And I beheld, and I heard the voice of many angels round about the throne and the beasts and the elders: and the number of them was ten thousand times ten thousand, and thousands of thousands; Saying with a loud voice, Worthy is the Lamb that was slain to receive power, and riches, and wisdom, and strength, and honour, and glory, and blessing. (Rev. 5:11 - 12)
  directed by Mel Gibson

We'll start with the most recent effort by Mel Gibson "The Passion of the Christ." Much publicity has been given to the fact that he staked his entire career and his own money on this project, and we on this website openly applaud such actions as well as practice them in our own filmmaking. So it was with the most hopeful expectations that we set out to see this film. Because of the exceptional controversy it has generated even before it opened in theaters, we knew in advance about the graphic violence in the film and how some people in the audience were deeply affected and upset by this violence. Psychologically we were bracing ourselves for a difficult ordeal, which nevertheless, we thought, would serve a far greater purpose of bringing the agony of Golgotha to life in our ever-deadening world. This was our mindset for the viewing of the film.
Imagine our surprise then, when the first thing that struck us immediately was just how dead and artificial everything was. From the opening shots of the film (Christ's hand trembling exaggeratingly) to the endless emoting of every nuance by every actor, to the countless, unbearable swellings of the music used to underline the already nauseatingly overdone cinematic points, to the obvious special effects of profuse bleeding  - all felt fake. The staged calculation of it all, the "trying too hard" of the actors and the superb technicians at work, the "white thread" showing everywhere, through the very fabric of the film. It is as if everything died in the hands of this director: the great lighting, the wonderful locations, the acting (overacting) of his actors and, ultimately, the impact of the film. The notable exceptions among the actors were Pontius Pilate (Hristo Shopov) and his wife (Claudia Gerini): both of them conveyed a picture of reserved nobility, which made their characters seem real and significant without that "push" for self-significance. For us personally, the main actor (James Caviezel) never offered any possibility of perceiving him as Christ. The sadistic Roman soldiers simply became cartoonish characters (through no fault of the actors, though, but through the misguided conception of the director). As for the other leads, their continuos whimpering and sentimental emoting bordered on ludicrous at times and completely undermined any sense of the foreboding solemnity of the Event.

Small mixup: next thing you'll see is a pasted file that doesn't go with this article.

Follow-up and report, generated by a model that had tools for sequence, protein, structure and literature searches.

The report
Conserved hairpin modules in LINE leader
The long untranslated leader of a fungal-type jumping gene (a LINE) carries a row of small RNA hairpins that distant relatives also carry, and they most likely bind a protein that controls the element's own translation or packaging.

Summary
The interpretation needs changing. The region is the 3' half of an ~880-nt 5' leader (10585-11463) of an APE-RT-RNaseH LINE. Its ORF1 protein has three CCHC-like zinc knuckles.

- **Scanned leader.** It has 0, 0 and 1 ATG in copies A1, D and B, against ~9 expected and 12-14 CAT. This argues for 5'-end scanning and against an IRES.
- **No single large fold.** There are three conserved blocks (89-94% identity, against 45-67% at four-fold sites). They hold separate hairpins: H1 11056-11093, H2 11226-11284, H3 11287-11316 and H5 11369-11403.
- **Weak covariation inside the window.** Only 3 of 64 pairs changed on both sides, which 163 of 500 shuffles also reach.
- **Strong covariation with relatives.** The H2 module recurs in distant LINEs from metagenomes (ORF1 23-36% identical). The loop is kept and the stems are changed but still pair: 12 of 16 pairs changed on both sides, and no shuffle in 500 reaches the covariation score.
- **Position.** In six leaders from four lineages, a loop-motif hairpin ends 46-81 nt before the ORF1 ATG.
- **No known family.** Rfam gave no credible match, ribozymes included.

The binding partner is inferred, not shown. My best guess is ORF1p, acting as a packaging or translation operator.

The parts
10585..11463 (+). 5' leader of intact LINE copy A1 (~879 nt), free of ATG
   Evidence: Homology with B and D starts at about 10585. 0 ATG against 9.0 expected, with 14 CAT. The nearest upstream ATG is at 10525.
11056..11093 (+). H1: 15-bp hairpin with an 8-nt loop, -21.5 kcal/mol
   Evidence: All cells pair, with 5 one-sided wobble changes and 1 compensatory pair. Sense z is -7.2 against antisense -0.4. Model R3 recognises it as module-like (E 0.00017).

This is Hollywood, plain and simple. Somewhere in one of his interviews Mr. Gibson implied that his film is anything but Hollywood. The intention may have been there, the financing and the film locations were certainly non-Hollywood, but... to paraphrase that saying: "You can take a man out of Hollywood, but you can't take Hollywood out of a man." The film as a film is solidly mediocre. What characterizes it more than anything is its spiritual deadness. All that blood and guts and gore are there to cover up the lack of spiritual depth and to whip up everything into a state of hysteria, clearly missing the path of any spiritual reflection.